Awesome. So how are they built? Interesting, I just looked over a second. One of the companies that work with him doing some work with this week just sent me their smack list. Just it’s a great time. Yeah. So how are they built? Well, you analyze all the stuff that’s gone right? And gone wrong in good times, and bad times. And then you build this list. It’s like a playbook. So in one of the companies that I work with the Father, their father, there’s three awesome brothers that I work with a company called Ashiana. In India, just a shout out to Michelle Varun and conqueror. And their wonderful father wound on Gupta founded the business and taught them a bunch of principles over the year of how to manage their business well, and how to look, they have been successful long term, we took his wisdom. Through them, I never got to meet the man, although he’s a wonderful man. Everything they told me about him, and we built the smack list. It’s basically what would dad say to do? Right to make sure that the business endured over the long term. And it’s, it’s, it’s some great stuff. And if we look at their smac, and I’m gonna give you specifics, but you know, we talk about, you know, that they do multi tower developments all around India, well, the first tower needs to be sold to a certain percentage before you start building the second. And in real estate development, people get excited and get ahead of themselves, and you might get the first 120 5% sold, and well, let’s get going on the second one. Well, that’s a surefire way to get in trouble. They talk about the other types of real estate that they don’t get into. They talk about leverage on their balance sheet. They talk about how much cash to have on hand at all times. They also talked about the fact that they don’t rezone land, they buy land that’s ready to go, and they don’t land bank, some companies have a strategy to have land for 50 years. That is, that’s called land banking, it’s a different strategy, they don’t do it. So it’s even taught, it’s also called burning cash. It is, but if you have a lot of it, and you can buy it at 1000 bucks an acre, and then sell it at a million, it can be a beautiful model, but it consumes a lot. Yeah. And they also talk about the fact that they always maintain their properties forever, whatever they build, they always take care of it, even though it’s sold. And for those in the West. It’s like you know, strata titled properties, but they still maintain it. So they can have a list of them and give you all the details. But they have this the stuff that they learn, and we refer back to it all the time. And in turbulent times, we go and look at it and we stick to it. And if there’s a question that comes up against it, like it violates the smack anyways, they’re, they’ve done a beautiful job with it. But an example of this is, you know, this is a company has been around for decades. And they want it to stay for decades. Yeah. And so it’s keeping the wisdom of all of us and it’s their own lessons but lessons that they learned from their father and their father learned in his ears all into the DNA of the company so they stay smart.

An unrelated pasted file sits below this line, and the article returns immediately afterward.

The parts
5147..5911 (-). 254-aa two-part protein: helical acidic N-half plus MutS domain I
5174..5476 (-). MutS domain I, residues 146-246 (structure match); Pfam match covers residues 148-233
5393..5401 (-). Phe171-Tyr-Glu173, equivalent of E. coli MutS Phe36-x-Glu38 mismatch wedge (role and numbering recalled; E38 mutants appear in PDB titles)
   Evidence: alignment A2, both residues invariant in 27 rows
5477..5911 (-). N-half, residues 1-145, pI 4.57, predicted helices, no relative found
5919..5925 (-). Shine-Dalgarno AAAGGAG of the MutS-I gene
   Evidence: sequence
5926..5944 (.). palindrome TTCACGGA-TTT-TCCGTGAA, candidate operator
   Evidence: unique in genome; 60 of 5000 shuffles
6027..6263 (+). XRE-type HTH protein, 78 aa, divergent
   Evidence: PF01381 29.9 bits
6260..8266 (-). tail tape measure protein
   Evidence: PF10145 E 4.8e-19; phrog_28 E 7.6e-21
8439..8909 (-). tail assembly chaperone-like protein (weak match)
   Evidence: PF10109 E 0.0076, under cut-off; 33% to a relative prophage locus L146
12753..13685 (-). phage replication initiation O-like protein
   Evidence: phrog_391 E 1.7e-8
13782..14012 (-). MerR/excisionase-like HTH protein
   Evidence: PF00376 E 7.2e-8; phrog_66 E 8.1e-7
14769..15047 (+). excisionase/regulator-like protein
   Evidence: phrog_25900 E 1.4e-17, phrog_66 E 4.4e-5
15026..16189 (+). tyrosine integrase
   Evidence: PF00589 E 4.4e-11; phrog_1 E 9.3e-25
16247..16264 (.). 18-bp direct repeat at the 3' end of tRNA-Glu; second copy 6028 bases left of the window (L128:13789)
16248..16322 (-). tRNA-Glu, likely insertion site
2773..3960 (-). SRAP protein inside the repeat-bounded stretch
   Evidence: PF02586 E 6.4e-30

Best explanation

Brad Giles  14:54

So SMAC recipes are built, analyzing your failures and discipline. moments and your repeatable successes, not the one offs not like, you know, we won this award or we got lucky here. It’s the repeatable successes. So that then culminates in a list of about eight to 10 items. And it’s like, it’s, it’s like we always and we never, we always do this or we do that. So we want to give you a couple of examples here as well. So Southwest Airlines is a airline that we would always backup before you get in.

Kevin Lawrence  15:29

It’s also so that when people come in with awesome new ideas, don’t kill the business. I mean, if you look at Southwest, like they’re a freakishly successful business, but they’re also freakishly different than every other freaking airline out there on almost every way you could look at them. It’s just everyone’s ears are good. It’s, it’s to protect you from new ideas as much as it is bad decisions or dangerous decisions.

Brad Giles  16:01

Yeah. And we’ll get back to your property client that you mentioned, any one of those things, people could get excited about that. And it’s different this time, or it’s in that in that geography, things aren’t like that, or this is a once in a lifetime opportunity, we’ve got to jump on it. And these are the things that pop up in the moment or without the wisdom of, you know, the lived experience, perhaps or when we’ve forgotten the lived experience, we’ve forgotten the pain. These are the things that endure and keep us on the straight and narrow. Yep, they really are. And remember, this is deeply connected to their hedgehog, and all of the other parts of their values and their purpose, and everything else that they do. So I don’t think we’re going to go through all 10 of them. But I just want to pick out a few. So the first one would be utilize the 737 as our primary aircraft for 10 to 12 years. We don’t use other aircraft, it would be so tempting. But we stick to the 737. All of our mechanics, all of our people know those in those aircraft inside out. We only have to carry certain spares. There’s so many things that come out of that. And you know, it matters. The second one I’ll go through is continued high aircraft utilization, and quick turns 10 minutes in most cases.

Kevin Lawrence  17:49

10 minutes. It’s insane how quick that they can do that.

Brad Giles  17:57

Yeah. So when you’re making a new decision to bring on a new software, or a new geography or whatever it might be, can we do it in 10 minutes, can we still maintain our turnarounds in 10 minutes.

Kevin Lawrence  18:11

That’s why they don’t have reserved seating, because it takes too long to mess around. You just go in like you’re getting on a bus. Like everything they do practically comes down to that one point is it’s quick turnaround, maximizing the part of their strategy is called wheels up keeping the plane in the air. And that’s what they’re so damn different than every other airline.

Brad Giles  18:33

I get so excited about these disciplines. The next one, continued low fares and high frequency of service. That’s pretty simple. But this is the one I love, stay out of food services.

Kevin Lawrence  18:49